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Thursday, 6 July, 2000, 01:52 GMT 02:52 UK
French film sparks censorship row
Cannes 2000
The film was shown at Cannes in May
A protest has been held outside a Paris cinema over the decision of France's highest legal body, the State Council, to withdraw certification from a violent, sexually explicit new film.

The council decided that the film - the title of which refers to an obscene sexual command - was pure pornography with no artistic merit, and could not be shown in mainstream cinemas.

The BBC Paris correspondent says many critics agreed, but other cultural figures rushed to defend it, and organised the protest outside one of the few cinemas in Paris prepared to defy the law and carry on screening it.



The film is an unbroken series of extremely crude sex scenes and of images of particular violence, [and] may deeply disturb certain spectators

State Council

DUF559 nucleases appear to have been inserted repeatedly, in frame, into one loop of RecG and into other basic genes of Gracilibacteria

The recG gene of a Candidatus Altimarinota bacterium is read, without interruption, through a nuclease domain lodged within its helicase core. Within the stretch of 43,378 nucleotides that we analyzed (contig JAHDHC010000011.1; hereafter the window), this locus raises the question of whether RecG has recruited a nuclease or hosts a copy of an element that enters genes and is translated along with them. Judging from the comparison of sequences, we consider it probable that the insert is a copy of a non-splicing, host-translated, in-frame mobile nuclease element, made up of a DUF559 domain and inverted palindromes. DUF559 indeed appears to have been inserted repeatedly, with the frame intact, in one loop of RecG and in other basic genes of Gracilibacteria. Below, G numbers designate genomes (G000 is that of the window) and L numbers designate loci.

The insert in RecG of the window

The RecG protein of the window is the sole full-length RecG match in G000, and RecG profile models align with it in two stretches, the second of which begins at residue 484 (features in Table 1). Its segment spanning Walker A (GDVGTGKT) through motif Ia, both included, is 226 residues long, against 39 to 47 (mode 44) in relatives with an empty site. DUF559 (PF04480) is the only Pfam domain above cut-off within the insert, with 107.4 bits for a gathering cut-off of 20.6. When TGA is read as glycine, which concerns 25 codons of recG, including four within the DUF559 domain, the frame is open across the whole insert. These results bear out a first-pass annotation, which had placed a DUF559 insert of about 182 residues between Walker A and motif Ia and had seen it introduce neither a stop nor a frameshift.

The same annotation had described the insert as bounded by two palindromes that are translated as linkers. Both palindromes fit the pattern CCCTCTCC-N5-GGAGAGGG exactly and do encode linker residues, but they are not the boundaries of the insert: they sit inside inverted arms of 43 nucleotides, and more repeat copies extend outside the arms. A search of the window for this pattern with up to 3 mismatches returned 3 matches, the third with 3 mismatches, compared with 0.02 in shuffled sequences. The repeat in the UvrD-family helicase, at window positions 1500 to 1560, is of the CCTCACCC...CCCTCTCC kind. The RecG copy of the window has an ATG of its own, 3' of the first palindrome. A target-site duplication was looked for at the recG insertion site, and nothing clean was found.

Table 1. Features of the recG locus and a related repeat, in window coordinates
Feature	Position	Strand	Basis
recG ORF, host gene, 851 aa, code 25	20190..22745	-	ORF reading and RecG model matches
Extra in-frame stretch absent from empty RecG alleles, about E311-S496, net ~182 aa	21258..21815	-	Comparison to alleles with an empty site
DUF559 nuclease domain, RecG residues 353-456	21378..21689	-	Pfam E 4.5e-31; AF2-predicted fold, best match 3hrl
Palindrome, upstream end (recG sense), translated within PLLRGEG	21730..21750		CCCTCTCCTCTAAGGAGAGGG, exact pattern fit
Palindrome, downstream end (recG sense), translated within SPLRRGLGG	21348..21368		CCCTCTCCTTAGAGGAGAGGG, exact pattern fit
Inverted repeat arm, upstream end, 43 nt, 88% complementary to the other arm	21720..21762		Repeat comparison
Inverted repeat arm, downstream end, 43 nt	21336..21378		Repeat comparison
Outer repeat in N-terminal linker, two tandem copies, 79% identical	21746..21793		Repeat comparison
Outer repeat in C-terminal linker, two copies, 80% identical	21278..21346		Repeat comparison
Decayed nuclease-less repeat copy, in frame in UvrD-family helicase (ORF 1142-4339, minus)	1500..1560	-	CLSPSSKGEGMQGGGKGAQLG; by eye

They also had tacit support from the French Culture Minister, Catherine Tasca. She said the court ruling raised the prospect of a return to state censorship.

In an illustration of the controversy over the title, many of those people who went to see the film asked for tickets to "Fais-Moi L'Amour" or "Make Love to Me" - a watered down version of the actual words used.

Considered a road movie, the film is the story of two young women, played by a former prostitute and pornography star, who team up in a rampage of mindless sex and violence.

It is purportedly meant to reflect society's brutal treatment of women.



The film is convincing because of its darkness and desperation

Cinema magazine Positif
The film, by female directors, Virginie Despentes and Coralie Trinh Tri, was screened at the Cannes Film Festival in May.

It then passed largely unnoticed, after passing France's film censorship board, until a family values group expressed their outrage.

On 23 June, the group Promouvoir contested the censor's decision on the grounds that youngsters in the 16-to-18 age bracket needed greater protection, a view upheld by the State Council.

The council justified its decision to exile the film to country's few X-rated cinemas by describing it as "an unbroken series of extremely crude sex scenes and of images of particular violence, [and] may deeply disturb certain spectators," the council said.

Bruno Megret, leader of the far-right National Republican Movement, congratulated the council for "blocking an attempt at dissolution of our civilised values sought by the film's promoters."

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